Best wishes


I tried making a fuss about this particular topic in wanting more cloud options aside from Dropbox. The conversation got out of hand mainly on my part, however, one thing I learned is that you shouldn’t beat on Keith and his posse because they’re a very small group designing a very big app used probably by hundreds of thousands of people and it’s not a simple task to simply add more cloud options. The last thing you want is to save on a cloud service only to have your files suddenly disappear on become damaged.

My only advice is I think you should just wait. This is iOS scrivener 1.0 after all and who knows what Keith has planned for the next iteration.


Thanks for your comments. Looking back on mine, I don’t think I give the impression of being hard on anybody. I’m just a punter letting the development team know how their briliiant work might be improved upon for the benefit of many, particularly as some software which it seems gave them considerable grief some time ago no longer does so in my personal and humble experience. :wink:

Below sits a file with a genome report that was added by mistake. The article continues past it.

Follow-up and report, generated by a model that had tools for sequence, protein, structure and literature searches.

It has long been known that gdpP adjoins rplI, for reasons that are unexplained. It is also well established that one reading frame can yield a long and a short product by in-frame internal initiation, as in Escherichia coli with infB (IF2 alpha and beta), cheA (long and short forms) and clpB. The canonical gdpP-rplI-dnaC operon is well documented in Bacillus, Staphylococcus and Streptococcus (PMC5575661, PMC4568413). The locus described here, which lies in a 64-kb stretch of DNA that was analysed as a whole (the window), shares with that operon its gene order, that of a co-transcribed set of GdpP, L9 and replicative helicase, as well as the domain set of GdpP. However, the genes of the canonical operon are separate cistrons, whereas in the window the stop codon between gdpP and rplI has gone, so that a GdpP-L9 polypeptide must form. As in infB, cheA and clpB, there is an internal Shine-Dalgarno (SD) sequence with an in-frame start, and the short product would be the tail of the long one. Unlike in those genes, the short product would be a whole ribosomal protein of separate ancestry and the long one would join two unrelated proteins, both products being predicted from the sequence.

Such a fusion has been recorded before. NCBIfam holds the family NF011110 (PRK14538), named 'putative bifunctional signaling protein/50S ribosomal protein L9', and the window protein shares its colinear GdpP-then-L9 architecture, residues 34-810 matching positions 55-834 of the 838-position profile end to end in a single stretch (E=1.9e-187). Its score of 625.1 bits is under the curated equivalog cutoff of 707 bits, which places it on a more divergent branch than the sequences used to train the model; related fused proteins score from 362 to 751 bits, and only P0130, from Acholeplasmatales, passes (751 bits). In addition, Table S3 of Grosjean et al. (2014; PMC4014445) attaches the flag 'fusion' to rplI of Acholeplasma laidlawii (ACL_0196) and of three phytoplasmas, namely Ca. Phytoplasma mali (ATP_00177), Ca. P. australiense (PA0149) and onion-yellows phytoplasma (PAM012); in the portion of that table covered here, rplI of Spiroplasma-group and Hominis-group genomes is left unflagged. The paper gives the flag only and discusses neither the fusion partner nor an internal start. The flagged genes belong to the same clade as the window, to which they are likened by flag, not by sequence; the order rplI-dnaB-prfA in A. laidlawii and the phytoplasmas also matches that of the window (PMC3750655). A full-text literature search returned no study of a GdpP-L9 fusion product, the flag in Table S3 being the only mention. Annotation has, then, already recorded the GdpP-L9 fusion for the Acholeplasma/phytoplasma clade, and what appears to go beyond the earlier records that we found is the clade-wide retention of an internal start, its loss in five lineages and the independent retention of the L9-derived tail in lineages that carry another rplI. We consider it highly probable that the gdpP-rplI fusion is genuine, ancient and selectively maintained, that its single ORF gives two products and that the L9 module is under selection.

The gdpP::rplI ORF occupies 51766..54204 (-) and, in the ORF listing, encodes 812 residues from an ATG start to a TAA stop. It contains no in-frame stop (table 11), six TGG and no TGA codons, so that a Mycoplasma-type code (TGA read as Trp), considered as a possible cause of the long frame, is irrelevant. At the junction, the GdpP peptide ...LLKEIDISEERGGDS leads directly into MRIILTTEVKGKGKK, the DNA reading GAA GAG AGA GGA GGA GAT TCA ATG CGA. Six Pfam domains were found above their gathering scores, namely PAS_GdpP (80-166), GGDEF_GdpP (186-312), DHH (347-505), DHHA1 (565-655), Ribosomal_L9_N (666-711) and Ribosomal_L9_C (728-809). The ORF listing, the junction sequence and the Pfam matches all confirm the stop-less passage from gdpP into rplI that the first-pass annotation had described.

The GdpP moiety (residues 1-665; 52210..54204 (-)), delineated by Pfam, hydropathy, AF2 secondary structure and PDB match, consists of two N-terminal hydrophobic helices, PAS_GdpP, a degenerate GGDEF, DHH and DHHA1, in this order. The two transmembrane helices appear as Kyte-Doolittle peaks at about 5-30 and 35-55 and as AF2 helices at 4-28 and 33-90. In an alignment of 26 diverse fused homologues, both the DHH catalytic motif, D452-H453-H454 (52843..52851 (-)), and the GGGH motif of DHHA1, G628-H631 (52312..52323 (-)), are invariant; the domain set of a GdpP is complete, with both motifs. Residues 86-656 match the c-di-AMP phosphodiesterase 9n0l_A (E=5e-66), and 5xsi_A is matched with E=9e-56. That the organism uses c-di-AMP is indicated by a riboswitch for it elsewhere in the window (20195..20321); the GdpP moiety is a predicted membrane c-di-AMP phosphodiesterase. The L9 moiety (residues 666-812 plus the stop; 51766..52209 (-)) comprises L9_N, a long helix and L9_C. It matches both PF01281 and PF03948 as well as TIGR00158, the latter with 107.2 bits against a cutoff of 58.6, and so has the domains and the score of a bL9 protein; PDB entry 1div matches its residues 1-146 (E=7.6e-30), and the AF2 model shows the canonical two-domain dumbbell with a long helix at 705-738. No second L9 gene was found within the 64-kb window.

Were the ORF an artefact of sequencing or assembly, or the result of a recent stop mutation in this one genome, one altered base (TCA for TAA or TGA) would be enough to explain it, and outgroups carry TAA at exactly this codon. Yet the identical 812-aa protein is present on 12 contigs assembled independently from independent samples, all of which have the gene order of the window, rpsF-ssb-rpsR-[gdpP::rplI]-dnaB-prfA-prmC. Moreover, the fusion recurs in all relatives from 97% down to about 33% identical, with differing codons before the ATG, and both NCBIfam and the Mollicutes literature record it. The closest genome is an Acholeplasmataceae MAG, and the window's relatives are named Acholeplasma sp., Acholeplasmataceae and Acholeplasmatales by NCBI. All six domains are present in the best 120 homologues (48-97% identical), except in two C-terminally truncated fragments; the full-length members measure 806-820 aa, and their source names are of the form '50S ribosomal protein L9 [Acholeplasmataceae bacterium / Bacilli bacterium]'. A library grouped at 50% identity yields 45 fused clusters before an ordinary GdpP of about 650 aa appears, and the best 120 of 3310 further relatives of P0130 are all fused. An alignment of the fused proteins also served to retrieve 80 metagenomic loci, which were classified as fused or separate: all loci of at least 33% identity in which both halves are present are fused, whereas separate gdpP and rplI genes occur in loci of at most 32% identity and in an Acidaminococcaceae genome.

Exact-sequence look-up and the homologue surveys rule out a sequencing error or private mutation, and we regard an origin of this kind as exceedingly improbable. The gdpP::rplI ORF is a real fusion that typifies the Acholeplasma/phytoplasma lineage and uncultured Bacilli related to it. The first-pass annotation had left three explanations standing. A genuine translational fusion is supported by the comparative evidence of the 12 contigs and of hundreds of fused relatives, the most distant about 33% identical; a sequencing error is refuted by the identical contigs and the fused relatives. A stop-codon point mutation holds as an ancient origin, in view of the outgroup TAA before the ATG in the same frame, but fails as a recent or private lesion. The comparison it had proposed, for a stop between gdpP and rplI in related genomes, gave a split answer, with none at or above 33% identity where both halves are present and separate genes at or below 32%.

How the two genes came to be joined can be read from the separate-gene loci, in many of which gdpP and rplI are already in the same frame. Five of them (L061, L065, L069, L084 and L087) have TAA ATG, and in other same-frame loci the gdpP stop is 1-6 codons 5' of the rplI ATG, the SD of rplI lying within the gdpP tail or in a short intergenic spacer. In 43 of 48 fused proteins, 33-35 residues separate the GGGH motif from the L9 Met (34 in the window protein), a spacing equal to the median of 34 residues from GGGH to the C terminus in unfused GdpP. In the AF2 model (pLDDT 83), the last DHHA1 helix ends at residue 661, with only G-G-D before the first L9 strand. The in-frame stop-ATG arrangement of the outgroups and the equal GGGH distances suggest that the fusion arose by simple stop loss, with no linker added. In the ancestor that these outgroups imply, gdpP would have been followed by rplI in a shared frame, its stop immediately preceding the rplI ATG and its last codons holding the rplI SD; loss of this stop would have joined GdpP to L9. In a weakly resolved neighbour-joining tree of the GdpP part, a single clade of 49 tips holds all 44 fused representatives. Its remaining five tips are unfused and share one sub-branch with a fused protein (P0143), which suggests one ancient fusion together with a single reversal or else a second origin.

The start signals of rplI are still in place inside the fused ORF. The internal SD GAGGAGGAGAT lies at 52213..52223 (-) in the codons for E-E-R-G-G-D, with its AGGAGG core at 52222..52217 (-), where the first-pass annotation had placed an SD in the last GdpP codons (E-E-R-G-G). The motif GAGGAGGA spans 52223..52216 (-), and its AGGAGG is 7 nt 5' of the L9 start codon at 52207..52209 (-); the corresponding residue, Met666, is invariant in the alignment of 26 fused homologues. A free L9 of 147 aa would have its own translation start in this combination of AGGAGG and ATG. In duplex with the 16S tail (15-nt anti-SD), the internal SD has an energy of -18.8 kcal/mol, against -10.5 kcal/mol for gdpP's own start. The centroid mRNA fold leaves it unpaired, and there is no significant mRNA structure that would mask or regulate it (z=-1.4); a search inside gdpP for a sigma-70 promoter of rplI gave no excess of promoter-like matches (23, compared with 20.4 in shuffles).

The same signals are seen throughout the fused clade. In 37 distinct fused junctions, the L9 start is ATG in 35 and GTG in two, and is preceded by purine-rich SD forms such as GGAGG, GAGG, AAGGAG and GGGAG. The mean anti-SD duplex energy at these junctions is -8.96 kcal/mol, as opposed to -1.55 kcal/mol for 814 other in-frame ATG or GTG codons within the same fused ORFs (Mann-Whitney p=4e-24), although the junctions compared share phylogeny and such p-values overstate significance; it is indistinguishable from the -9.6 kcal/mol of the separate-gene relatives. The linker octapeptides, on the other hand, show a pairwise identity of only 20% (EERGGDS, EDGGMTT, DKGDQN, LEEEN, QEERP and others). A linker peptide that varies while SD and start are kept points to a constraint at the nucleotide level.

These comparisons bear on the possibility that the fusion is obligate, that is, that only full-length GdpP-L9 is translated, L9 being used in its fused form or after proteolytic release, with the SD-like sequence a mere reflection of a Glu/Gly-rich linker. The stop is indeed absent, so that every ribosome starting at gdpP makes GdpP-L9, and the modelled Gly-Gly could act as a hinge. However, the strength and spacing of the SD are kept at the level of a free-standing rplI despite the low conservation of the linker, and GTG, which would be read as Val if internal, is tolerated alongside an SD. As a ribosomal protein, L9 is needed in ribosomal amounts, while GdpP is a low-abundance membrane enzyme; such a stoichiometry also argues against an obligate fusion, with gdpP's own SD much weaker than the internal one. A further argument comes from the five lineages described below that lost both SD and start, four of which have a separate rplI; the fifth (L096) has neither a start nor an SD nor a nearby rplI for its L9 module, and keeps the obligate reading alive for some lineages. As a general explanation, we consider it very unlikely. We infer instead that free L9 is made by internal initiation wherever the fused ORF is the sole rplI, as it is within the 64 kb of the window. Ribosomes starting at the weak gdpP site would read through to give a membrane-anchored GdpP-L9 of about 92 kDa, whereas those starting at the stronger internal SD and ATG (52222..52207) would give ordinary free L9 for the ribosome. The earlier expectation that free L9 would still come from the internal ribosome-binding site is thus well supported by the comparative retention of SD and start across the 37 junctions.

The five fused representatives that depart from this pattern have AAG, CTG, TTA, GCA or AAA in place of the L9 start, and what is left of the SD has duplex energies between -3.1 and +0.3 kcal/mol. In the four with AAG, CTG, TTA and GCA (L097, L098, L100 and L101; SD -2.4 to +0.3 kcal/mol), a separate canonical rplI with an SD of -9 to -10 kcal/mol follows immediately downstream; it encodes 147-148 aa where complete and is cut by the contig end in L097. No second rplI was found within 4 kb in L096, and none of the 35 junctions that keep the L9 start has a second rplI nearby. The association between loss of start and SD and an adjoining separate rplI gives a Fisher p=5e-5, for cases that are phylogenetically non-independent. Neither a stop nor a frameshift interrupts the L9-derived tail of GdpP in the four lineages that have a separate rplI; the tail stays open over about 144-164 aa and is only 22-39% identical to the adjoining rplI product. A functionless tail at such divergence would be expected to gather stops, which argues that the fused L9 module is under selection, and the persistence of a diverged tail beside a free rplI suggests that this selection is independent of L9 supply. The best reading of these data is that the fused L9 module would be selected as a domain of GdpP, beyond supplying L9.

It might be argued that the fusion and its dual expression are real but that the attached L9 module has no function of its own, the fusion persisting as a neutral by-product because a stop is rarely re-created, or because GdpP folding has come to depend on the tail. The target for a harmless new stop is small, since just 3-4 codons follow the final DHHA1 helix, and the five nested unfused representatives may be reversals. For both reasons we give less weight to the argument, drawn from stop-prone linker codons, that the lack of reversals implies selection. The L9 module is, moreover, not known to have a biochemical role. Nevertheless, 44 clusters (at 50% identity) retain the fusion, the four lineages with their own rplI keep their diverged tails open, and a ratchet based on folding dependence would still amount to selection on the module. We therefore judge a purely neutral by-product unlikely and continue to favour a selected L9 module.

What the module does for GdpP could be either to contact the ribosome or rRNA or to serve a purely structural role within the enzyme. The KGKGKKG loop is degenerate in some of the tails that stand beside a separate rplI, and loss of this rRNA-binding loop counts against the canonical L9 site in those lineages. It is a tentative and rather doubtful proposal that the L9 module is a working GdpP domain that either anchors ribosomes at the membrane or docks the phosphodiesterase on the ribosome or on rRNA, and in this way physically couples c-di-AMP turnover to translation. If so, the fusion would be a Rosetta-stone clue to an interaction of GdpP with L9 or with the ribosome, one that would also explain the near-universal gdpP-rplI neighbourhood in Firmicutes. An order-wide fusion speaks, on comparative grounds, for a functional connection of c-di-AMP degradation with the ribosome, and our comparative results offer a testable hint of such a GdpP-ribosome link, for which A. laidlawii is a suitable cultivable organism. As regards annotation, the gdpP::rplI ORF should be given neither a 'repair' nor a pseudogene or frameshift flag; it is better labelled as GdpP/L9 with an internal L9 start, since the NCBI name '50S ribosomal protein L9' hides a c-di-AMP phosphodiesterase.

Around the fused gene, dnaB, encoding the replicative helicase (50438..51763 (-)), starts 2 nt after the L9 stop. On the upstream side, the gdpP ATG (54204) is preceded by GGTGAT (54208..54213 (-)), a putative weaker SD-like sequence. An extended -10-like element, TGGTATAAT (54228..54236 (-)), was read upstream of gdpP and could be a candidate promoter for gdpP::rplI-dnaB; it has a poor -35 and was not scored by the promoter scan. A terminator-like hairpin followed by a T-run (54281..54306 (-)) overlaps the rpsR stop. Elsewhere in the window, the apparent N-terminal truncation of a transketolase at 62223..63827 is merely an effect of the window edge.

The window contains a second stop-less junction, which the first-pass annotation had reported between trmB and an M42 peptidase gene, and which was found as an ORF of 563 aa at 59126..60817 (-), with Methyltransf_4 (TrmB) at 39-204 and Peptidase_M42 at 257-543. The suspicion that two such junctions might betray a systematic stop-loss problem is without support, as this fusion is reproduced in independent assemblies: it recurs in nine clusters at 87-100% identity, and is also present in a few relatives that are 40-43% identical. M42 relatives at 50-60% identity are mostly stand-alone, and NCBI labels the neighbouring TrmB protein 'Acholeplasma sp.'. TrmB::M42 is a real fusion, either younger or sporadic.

You won’t believe the number of threads on this forum I’ve read about people wanting more cloud options. I’m pretty sure Keith by now is well aware of the issue and is probably a little frustrated over people and their frustrations. I know I’d be. But then again I’m not a genius like Keith is ( I am not at all joking nor sarcastic when I write this) so who knows what’s in store for scrivener iOS vs. 2.0. Let’s hope for the best and let’s all be grateful there’s a forum for people like us to vent out thoughts.

Saving One file, or even a folder, on a cloud server is not at all the same thing as having a software that continuously saves one or few files of a complete package, every 10–15 seconds.

For iOS Scriv to use OneDrive, MS must get other developers access to the API, the code that controls OneDrive, so the Scriv app can control the OneDrive server. And MS are not that keen on the idea.

Yes, I can see that would be a problem. Are you saying that’s the way the Scrivener-Dropbox interface works, syncing every few seconds?